My first day in Ecuador was exciting – honestly, I feel right at home in Latin America, walking cobblestone streets among dilapidated buildings and street vendors, purchasing roasted seeds and cooked Maduro bananas (this is a first!), exploring the streets and figuring out where I am and how to get where I am meant to be going. I had about three hours to explore Quito before traveling to Riobamba, so I stuck to the centro histórico (old town) sector and visited the main sights of the city. Quito itself was the first city to be declared a UNESCO World Heritage Site in its entirety, so I figure you can’t go wrong. My two main destinations were La Basilica, the tallest church in Ecuador – you can climb to the top for incredible views of the city – and La Compania, a ridiculously extravagant and beautiful church. One of my happier moments was when the ticket seller at the Basilica informed me that I have the best Spanish accent of any American he has heard! In between my selected visits, I wandered through plazas and side streets, and joined la gente as they watched street performances of musicians, dancers and a man that made incredible paintings using spray paint. Sunday was probably the best day for my condensed tour of Old Town, because everybody goes out to walk around and the streets are closed off to cars. My favorite thing I saw was a man in a chef’s hat with a blow horn attempting to herd people to his restaurant. So many entertaining things that just do not happen in the U. S. Some good news is that there is a brewery that makes craft beer not too far from the hostel where I was staying. It was a short visit in Quito but I will definitely have many chances to return, yay! More than anything, it reminded me of Guatemala with its European-reminiscent architecture, plazas and narrow cobblestone streets (and surrounded by amazing green trees and hills); however it does have its own vibe. This is my first time traveling with a guidebook and I’m finding it super helpful for getting around, learning about Ecuahistory and culture, and finding the best spots to visit.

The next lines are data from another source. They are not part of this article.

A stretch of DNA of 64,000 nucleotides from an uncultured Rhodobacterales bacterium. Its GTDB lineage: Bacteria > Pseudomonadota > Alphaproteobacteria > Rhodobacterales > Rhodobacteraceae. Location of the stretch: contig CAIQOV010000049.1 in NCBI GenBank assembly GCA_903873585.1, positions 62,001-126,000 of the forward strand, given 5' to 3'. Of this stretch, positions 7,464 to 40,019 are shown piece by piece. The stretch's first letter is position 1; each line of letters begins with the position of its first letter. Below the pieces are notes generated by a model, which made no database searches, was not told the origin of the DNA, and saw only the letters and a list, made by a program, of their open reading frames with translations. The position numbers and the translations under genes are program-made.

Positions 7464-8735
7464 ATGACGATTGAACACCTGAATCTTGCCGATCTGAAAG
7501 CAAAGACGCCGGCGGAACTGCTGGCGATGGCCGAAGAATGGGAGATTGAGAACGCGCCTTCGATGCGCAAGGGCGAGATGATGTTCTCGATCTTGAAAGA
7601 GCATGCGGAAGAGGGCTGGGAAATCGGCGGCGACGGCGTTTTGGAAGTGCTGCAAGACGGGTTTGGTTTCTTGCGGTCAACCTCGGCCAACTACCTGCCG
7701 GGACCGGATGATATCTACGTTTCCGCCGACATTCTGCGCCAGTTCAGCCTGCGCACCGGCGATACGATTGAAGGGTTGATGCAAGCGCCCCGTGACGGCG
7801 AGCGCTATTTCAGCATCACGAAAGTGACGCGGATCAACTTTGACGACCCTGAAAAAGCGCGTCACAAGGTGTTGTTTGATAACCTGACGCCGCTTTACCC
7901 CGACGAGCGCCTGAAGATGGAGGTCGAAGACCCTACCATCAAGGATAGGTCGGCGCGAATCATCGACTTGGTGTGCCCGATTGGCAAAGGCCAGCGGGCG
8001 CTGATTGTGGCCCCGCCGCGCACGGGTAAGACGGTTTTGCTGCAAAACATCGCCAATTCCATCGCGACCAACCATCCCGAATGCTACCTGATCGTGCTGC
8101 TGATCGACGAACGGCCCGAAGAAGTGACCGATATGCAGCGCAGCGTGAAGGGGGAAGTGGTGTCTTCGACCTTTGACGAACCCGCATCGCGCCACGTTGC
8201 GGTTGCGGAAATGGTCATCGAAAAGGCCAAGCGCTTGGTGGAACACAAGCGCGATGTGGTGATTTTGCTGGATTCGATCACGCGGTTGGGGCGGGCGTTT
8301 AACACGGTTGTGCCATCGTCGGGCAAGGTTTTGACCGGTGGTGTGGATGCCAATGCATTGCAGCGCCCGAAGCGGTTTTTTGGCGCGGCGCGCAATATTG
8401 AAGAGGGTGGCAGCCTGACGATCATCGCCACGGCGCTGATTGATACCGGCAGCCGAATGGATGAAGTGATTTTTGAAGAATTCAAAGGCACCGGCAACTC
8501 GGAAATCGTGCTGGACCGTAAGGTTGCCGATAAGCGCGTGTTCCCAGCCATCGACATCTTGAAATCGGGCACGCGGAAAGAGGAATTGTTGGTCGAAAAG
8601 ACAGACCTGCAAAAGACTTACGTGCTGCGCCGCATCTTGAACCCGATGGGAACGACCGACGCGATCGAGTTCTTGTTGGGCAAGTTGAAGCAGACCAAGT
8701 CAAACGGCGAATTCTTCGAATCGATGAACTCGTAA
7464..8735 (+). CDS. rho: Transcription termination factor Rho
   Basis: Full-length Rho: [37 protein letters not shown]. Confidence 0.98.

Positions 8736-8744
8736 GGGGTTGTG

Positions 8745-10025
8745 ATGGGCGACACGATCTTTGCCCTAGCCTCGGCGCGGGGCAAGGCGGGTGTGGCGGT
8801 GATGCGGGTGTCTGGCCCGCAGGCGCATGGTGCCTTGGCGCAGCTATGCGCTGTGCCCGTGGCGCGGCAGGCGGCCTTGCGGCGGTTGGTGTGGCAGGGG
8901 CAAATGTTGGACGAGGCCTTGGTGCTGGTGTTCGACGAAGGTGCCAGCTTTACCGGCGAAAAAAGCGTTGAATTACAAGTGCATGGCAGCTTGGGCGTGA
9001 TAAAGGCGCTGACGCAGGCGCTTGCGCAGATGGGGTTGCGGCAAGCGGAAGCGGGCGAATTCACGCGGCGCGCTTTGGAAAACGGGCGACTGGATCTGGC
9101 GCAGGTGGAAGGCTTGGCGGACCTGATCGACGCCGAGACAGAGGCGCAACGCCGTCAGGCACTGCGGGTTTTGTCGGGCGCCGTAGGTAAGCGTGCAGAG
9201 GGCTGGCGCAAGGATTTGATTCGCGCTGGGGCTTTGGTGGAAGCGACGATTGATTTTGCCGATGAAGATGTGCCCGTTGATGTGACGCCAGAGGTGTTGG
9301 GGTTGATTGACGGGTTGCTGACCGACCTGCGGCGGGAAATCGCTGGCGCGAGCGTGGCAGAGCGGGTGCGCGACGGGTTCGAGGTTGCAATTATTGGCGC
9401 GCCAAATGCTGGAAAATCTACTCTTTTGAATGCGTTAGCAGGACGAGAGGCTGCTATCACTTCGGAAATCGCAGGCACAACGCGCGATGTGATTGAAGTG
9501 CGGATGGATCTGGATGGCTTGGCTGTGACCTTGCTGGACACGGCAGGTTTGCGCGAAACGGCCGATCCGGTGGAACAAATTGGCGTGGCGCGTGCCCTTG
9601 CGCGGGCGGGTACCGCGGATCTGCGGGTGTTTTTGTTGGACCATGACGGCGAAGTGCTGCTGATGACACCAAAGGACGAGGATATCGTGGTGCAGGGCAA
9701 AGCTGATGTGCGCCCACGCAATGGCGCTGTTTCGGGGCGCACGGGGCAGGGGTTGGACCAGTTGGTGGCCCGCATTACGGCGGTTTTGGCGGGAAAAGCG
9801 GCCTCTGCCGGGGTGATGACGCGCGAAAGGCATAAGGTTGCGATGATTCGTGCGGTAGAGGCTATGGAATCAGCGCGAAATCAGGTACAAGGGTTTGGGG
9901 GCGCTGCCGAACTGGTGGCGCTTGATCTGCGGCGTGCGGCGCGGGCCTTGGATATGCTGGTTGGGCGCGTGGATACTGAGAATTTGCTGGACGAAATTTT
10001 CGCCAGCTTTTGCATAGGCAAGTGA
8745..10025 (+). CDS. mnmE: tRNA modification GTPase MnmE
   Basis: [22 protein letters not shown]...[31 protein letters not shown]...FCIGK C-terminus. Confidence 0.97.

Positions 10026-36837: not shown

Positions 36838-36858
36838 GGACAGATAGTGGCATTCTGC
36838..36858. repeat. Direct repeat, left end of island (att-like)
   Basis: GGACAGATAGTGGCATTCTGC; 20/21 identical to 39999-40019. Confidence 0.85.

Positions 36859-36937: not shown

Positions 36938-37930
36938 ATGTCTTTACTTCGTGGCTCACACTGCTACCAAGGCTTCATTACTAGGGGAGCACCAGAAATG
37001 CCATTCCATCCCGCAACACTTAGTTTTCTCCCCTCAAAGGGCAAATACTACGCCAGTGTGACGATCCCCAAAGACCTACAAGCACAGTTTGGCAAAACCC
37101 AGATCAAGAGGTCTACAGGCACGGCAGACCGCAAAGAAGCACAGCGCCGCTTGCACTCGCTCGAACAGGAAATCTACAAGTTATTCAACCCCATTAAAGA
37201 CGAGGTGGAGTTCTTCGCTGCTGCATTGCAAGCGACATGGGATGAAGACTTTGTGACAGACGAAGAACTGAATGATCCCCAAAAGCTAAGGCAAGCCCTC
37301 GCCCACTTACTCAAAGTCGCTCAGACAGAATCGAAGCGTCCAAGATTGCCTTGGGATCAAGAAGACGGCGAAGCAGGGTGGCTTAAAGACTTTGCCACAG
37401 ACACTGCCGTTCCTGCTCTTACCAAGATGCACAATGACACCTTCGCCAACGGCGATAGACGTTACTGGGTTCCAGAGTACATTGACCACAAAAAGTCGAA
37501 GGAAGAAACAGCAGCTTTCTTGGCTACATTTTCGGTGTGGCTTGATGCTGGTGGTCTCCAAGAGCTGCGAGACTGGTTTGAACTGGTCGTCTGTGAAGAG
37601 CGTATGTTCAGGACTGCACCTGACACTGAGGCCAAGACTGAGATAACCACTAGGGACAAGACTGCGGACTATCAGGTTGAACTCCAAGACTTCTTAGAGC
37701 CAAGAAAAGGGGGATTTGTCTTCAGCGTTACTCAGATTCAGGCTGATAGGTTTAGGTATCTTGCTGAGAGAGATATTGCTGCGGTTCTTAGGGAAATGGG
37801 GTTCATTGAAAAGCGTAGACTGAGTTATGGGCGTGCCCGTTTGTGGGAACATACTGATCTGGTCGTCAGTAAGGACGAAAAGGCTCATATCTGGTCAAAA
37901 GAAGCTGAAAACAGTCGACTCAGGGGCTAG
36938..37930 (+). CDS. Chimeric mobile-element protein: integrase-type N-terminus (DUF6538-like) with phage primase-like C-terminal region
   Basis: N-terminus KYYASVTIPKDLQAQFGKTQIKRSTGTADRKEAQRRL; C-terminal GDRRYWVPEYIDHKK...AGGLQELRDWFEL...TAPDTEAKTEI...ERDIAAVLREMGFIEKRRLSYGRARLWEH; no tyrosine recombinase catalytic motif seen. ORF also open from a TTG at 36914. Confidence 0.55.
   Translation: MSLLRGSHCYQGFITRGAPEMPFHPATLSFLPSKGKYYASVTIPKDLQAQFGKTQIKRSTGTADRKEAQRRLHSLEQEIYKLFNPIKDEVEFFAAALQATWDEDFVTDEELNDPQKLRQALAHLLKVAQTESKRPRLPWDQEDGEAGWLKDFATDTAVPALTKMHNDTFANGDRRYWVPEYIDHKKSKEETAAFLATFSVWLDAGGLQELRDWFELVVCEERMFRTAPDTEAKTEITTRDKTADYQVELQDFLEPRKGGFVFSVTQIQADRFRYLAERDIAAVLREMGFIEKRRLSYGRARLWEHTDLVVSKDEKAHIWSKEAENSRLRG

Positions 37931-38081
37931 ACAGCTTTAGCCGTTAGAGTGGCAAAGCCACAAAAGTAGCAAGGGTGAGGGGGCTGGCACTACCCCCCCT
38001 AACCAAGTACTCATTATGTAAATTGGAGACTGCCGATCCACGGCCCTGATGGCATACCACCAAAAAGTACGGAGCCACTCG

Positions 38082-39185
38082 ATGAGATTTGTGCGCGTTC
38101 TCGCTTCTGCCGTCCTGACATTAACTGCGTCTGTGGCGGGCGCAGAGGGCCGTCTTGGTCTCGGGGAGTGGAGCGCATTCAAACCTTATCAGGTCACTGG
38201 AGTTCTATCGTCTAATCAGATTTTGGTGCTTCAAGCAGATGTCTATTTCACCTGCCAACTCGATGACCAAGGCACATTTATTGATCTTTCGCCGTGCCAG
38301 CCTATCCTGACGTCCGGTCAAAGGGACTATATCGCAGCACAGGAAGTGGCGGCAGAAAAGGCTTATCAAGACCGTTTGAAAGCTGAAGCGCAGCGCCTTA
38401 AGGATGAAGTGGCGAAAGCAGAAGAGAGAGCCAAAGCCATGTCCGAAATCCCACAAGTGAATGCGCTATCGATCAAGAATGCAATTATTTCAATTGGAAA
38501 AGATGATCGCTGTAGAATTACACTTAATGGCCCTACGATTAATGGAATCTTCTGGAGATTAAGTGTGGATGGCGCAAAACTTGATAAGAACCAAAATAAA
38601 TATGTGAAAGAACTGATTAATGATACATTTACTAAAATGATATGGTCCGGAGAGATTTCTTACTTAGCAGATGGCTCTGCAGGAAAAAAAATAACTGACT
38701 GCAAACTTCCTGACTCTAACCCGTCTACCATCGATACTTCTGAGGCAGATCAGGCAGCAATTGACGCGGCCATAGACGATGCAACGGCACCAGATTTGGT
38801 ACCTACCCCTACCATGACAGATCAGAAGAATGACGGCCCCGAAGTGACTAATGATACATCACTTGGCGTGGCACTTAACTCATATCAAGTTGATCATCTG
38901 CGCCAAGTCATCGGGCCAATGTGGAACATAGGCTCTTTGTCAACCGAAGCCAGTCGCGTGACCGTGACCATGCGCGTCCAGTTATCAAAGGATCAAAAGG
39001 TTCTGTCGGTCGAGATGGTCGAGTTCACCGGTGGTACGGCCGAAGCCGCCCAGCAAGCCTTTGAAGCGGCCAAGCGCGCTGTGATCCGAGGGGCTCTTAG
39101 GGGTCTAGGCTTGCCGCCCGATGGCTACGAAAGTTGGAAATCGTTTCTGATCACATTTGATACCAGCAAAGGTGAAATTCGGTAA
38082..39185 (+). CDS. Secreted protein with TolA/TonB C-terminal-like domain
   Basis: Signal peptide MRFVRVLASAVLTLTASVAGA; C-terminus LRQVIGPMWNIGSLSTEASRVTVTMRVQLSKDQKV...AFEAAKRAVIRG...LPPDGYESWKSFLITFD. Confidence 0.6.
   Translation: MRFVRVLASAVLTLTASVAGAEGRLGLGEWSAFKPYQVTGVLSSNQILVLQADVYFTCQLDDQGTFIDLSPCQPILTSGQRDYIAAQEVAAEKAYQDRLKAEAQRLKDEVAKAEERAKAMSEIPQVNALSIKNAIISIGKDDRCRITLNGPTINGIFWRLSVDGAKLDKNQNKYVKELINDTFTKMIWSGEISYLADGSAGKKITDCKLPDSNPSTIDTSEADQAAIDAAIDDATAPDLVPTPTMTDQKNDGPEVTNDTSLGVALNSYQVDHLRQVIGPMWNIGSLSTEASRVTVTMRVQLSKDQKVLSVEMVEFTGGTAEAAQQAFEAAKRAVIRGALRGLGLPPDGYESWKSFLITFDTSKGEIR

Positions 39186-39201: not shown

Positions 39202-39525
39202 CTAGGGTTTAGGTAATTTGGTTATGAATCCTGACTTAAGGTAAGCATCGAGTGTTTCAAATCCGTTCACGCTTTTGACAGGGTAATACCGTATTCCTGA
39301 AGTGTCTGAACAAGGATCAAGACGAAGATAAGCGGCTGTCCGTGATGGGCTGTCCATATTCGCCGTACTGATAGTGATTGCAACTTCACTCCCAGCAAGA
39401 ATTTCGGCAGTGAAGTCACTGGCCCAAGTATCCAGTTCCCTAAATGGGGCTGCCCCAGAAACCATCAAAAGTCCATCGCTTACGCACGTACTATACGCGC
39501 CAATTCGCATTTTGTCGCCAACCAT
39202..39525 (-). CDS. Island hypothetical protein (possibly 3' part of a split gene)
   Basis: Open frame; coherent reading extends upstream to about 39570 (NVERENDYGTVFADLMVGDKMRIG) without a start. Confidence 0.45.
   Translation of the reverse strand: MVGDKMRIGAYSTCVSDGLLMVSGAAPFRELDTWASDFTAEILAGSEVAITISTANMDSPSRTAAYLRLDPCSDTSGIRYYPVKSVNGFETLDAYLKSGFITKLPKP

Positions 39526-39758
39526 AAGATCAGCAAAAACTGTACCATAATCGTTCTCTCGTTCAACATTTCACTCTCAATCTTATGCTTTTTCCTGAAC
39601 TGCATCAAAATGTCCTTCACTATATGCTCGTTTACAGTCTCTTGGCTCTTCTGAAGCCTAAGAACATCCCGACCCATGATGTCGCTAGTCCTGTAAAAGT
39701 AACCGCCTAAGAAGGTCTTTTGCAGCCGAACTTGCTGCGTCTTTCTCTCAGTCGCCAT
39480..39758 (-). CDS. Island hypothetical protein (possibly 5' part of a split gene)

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grounds of my office! 

Not 24 hours after landing in Quito, I arrived in my host city, Riobamba, where I’ll be living and working for the next six months. The city is much smaller than the capital, but more spread out and larger than the cities I’ve lived in before like Leon, Matagalpa, and maybe even Bilbao. There is a historic city center with beautiful parks and colonial buildings, as well as a more modern part marked by a wide avenue lined with giant palm trees and restaurants, bars, shops and cafes. In general it is a flat city, but surrounded by the Andes mountain range and several volcanoes: Chimborazo, the tallest in Ecuador, whose summit is the farthest point from the center of the Earth, and Tungurahua, which is currently erupting and has been spewing dark clouds of smoke and layering the city with ash ever since I’ve been here. This region has the strongest indigenous presence in the whole country, and it’s common to see the traditional indigenous dress (for women, a long skirt, a poncho and a hat) daily on the streets. They have a special market on Saturdays, when they all come into the city to sell their products and artesania. I bought a beautiful ribbon from a woman named Rosa, who made me a “guango” which you wrap around your hair like a ponytail. I have started learning a bit about their lifestyle and I’m super excited to learn more, especially of their native language Kichwa, which is widely mixed into the Spanish spoken here.